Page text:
Rarely do public roads suddenly end in a guard rail or make sharp 90 degree turns on what's otherwise a straight, long stretch. You do not often find roads with huge rocks or clumps of concrete in the middle of them – and when you do, they are very clearly marked out and if you listen to the radio they might be broadcasting an emergency message about dangerous debris on the road. Bicycle paths often have this kind of dangerous crap on them intentionally.
When public road traffic is re-routed, it's often with strong, clear reflective signage. When bicycles are re-routed … they usually don't get any signage at all. They're just expected to figure it out on their own.
If you're on a bicycle, it's not uncommon for road signs to direct you onto a road where it would be illegal for you to continue to ride. The only option is getting off your bike and leading it forward. Sometimes you can continue to ride, but the signs force you to keep riding in circles. As in, it's literally illegal to do anything other than keep riding in circles around a block. (Or get off your bike, obviously. It's always an option to just get off your bike, but why is this viewed as a default option? Can you see the frustration in car drivers if they regularly had to stop, unbuckle their seat belts and get out of their cars, walk a few feet and then get back into their cars? Just to be able to continue toward their destination.)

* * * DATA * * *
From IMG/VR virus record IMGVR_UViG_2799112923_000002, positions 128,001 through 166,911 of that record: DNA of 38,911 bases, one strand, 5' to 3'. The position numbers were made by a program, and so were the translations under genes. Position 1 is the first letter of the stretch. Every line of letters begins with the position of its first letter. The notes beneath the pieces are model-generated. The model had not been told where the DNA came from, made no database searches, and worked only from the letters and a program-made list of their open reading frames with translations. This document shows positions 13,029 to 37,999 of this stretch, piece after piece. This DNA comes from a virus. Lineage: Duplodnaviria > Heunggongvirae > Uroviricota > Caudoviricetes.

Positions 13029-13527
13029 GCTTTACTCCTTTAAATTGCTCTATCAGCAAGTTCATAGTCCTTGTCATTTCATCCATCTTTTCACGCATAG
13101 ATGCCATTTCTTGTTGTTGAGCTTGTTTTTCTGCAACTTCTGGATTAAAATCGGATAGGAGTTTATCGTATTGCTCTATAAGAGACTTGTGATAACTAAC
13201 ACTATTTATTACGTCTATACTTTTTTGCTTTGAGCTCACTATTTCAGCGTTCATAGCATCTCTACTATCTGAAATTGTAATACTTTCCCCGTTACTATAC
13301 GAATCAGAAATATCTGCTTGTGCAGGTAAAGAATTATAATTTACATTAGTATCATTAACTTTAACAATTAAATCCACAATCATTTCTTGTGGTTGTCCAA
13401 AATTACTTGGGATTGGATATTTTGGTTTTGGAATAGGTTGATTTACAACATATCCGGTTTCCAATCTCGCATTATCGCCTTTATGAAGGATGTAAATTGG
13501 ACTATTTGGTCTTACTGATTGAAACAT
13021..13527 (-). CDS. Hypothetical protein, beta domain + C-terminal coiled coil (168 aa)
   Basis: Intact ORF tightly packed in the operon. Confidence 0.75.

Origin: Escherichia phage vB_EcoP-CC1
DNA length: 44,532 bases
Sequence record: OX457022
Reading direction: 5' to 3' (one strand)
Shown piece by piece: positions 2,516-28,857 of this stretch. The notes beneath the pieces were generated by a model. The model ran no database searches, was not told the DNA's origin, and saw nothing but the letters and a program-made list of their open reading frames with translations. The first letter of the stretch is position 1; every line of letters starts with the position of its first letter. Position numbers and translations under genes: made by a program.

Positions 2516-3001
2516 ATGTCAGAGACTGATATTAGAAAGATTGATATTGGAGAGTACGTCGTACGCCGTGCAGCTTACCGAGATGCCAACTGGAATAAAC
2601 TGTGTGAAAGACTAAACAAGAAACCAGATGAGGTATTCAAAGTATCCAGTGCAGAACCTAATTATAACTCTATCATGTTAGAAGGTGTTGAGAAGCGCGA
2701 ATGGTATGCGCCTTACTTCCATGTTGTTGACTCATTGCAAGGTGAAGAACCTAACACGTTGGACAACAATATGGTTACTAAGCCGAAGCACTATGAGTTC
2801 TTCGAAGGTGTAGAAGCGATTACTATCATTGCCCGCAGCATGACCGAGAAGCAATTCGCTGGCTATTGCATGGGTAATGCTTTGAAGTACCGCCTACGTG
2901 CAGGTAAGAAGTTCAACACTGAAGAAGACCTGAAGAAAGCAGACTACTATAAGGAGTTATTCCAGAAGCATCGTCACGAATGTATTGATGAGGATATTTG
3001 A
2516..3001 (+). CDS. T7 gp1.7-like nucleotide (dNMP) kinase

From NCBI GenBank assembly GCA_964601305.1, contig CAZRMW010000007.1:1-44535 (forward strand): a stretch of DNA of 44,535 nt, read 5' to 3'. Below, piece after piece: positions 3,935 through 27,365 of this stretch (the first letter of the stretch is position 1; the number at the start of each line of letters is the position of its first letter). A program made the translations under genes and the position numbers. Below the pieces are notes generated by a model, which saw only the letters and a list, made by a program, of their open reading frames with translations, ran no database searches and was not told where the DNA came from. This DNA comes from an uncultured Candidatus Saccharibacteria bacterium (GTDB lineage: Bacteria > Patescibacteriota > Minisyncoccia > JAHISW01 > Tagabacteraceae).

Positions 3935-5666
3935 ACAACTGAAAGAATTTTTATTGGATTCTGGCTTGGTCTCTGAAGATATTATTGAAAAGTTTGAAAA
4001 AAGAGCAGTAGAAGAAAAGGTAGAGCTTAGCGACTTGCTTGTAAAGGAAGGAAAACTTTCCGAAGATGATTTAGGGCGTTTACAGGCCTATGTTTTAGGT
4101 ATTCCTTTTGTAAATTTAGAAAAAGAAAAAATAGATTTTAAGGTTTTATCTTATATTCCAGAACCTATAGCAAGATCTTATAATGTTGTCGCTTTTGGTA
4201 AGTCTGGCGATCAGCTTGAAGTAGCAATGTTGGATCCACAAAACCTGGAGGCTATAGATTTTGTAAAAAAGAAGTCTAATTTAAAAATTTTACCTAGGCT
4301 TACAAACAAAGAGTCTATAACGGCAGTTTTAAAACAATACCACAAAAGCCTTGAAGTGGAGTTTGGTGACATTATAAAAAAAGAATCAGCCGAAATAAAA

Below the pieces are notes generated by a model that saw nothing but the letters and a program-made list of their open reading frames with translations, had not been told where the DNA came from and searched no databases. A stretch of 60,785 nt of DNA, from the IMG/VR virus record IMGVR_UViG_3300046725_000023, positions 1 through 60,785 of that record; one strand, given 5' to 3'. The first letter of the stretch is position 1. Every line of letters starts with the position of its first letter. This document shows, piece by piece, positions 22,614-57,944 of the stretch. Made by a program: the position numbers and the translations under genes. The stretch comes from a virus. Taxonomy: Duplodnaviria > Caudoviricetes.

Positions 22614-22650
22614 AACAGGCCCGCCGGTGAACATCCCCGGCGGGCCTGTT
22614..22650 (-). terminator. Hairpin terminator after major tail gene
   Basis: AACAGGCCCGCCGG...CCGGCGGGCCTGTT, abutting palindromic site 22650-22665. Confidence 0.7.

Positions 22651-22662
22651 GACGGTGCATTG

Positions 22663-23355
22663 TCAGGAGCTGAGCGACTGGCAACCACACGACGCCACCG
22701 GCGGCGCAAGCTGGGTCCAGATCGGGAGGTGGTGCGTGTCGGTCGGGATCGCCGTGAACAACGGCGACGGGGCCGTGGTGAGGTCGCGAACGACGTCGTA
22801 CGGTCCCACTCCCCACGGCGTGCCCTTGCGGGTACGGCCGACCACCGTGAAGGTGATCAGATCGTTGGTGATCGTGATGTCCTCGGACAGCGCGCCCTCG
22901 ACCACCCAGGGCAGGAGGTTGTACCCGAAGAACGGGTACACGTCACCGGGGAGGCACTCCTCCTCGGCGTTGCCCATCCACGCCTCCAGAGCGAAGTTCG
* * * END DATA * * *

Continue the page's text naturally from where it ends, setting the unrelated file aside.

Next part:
Would you imagine the chaos if two lanes of opposing high-speed traffic suddenly had to share a single lane without any signals controlling who moves first? Or someone planting a huge oak in the middle of the road and just expecting traffic to deal with it on their own?
Important thoroughfares are often given right-of-way, with connecting roads having to yield or even stop before entering. How frustrating wouldn't it be if it was the opposite, so the important thoroughfare had to yield to joining traffic?
These are not technically all safety hazards, but if you wanted to design a road that's annoying to drive on, take a cue from bicycle paths.
There's a Swedish word for this which basically translates to "travel-along-ability", and concerns how easy it is to travel along somewhere and reach your destination with minimal effort. As long as public roads have a reasonably high "travel-along-ability" and bicycle paths have no "travel-along-ability", cyclists will ride on public roads.